Mermaid Parade 2018; Photo Credit: © Norman Blake
Two of New York City’s most vibrant parades won’t take place in person this summer for the second year in a row. Due to the spike in coronavirus cases, organizers of both the Mermaid Parade in Coney Island and the West Indian American Day Carnival along Brooklyn’s Eastern Parkway have postponed their in-person parades until next year.
Hosted every Labor Day, the West Indian American Day Carnival draws over a million people to Brooklyn, gathered in celebration of Caribbean culture. The festival takes over Eastern Parkway in Crown Heights, uniting many islands (Trinidad and Tobago, Barbados, Haiti, Dominica, Saint Lucia, Jamaica, Saint Vincent and Grenda, Guyana, Suriname and Belize, and others) in one colorful party.
The West Indian American Day Carnival Association (WIADCA) announced last week the traditional in-person Labor Day would not take place this year but said there would be a combination of some limited in-person and virtual events.
“The uncertainties surrounding COVID-19 this past year have led us to postpone our annual historical Labor Day Parade,” WIADCA said in a press release. “We plan on hosting the parade in person in September 2022 and we encourage you all to continue to practice social distancing and stay safe.”
For Carnival 2021, WIADCA is partnering with the Brooklyn Museum for a number of events happening across several days, including live music, a virtual Youth Fest promoting arts and culture, a steel pan jamboree on the lawn of the museum.
And on Labor Day, the annual parade will take on a new ticketed format at the Brooklyn Museum. On September 6 from 11 a.m. to 6 p.m., “Jus’ Like Mas’ will bring the “road experience” to the grounds of the museum with music trucks, DJs, and live performances from Caribbean artists. Get the details here.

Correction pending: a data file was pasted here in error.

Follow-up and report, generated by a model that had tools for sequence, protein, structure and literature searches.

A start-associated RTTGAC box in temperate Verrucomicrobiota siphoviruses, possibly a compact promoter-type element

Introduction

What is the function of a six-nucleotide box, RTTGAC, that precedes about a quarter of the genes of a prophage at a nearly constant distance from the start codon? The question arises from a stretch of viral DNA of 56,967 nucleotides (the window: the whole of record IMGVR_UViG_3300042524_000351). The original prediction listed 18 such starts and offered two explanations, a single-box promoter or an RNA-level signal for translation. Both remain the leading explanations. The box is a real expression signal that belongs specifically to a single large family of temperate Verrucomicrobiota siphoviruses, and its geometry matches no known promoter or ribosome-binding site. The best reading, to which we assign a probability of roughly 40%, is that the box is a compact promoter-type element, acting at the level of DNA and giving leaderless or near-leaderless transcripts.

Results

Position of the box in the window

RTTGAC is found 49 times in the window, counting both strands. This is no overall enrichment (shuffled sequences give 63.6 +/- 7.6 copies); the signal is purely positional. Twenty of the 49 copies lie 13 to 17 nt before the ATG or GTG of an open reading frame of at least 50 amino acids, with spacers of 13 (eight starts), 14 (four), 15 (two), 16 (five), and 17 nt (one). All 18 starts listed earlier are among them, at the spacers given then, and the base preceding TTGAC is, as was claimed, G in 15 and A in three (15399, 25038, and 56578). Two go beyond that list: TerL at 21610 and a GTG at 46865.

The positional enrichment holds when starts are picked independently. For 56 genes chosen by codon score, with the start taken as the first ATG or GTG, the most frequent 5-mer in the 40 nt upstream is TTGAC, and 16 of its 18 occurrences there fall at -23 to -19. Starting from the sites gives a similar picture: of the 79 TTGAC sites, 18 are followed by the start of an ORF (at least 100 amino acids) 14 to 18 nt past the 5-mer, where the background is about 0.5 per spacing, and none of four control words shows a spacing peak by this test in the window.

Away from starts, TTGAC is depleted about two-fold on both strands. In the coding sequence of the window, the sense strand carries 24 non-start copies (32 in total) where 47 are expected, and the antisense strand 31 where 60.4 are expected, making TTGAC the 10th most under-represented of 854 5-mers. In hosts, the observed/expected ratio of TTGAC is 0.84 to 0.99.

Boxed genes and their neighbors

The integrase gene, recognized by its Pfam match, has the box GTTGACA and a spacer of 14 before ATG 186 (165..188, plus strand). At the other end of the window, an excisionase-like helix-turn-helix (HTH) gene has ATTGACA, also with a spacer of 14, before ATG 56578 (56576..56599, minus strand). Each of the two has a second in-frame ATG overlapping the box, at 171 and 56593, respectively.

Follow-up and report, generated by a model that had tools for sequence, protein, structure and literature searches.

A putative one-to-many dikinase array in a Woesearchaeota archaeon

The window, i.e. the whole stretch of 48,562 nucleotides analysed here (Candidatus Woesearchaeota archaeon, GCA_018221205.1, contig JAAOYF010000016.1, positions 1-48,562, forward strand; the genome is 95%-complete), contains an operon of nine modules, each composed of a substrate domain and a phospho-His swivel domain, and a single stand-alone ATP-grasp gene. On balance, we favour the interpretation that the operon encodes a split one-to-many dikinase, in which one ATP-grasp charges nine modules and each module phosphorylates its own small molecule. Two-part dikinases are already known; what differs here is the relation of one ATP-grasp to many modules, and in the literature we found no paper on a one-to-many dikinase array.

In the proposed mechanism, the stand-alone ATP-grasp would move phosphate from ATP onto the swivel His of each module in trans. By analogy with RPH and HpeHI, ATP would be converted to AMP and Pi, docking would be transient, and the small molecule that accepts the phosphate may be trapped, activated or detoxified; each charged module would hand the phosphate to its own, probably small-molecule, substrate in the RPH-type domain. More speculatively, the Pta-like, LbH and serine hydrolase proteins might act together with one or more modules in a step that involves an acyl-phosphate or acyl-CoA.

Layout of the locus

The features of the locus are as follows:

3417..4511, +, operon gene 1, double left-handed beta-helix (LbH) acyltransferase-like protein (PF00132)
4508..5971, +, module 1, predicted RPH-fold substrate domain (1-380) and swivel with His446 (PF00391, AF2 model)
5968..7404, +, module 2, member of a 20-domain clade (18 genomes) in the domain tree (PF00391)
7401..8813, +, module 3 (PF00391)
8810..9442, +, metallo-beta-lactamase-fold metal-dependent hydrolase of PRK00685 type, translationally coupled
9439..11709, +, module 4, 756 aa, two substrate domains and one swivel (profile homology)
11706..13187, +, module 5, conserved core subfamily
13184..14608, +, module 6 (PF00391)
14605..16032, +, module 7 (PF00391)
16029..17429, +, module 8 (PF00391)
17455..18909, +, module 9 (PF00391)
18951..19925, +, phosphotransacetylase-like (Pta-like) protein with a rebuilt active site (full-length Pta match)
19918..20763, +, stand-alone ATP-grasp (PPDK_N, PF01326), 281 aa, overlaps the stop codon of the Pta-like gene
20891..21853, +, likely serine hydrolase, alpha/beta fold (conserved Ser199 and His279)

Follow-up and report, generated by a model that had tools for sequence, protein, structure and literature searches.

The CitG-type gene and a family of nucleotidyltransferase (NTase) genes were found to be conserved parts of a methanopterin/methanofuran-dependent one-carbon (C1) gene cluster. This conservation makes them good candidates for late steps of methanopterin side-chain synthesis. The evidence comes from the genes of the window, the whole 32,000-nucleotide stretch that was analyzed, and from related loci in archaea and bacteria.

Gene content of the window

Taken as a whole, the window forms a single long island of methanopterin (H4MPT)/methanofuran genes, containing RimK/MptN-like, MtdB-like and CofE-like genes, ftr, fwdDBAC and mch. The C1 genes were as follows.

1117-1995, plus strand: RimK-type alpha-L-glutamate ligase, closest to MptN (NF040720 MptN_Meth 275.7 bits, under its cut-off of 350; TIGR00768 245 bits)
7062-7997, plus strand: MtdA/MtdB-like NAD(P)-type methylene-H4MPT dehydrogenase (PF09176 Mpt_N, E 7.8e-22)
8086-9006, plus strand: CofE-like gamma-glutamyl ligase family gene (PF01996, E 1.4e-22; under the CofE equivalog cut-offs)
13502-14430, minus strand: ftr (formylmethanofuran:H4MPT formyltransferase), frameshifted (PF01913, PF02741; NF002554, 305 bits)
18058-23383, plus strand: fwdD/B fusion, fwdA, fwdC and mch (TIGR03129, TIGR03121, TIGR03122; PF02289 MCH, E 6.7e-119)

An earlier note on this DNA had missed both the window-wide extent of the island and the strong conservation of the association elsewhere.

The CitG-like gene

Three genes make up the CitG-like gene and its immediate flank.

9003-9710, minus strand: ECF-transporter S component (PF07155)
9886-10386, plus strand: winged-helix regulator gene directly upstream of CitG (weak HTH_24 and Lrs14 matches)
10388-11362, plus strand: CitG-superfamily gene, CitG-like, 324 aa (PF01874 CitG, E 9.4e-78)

In June, Coney Island USA, the nonprofit arts organization that presents the parade, announced the Mermaid Parade would return to the boardwalk for an in-person event on September 12. The parade brings together thousands of creative New Yorkers, decked out in mythical costumes and hand-made designs. As the nation’s largest art parade, the Mermaid Parade celebrates “ancient mythology and honky-tonk rituals of the seaside,” according to the organization.
Unfortunately, due to Covid-19, the organizers felt it would not be safe to gather in large crowds.
“The Parade draws hundreds of thousands to Coney Island every year, including large numbers of children, many crowding onto mass transit for the ride out to Stillwell Avenue,” officials from Coney Island USA wrote in an announcement on Wednesday.
“It is the centerpiece of the CIUSA calendar, and we are very proud of the positive impact that the Parade has on our Coney Island community. However, the risks to our sponsors, patrons, community, and our wonderful staff—who have risen to every challenge—were too much to bear.”
Coney Island USA pledged to host the Mermaid Parade next summer. “In the meantime, help support Coney Island USA by attending one of our ticketed events, becoming a member, and above all—BY GETTING VACCINATED!!”
- Coney Island’s celebrated Mermaid Parade to be held in person this September
- The history of Brooklyn’s Caribbean Carnival, the most colorful event in New York City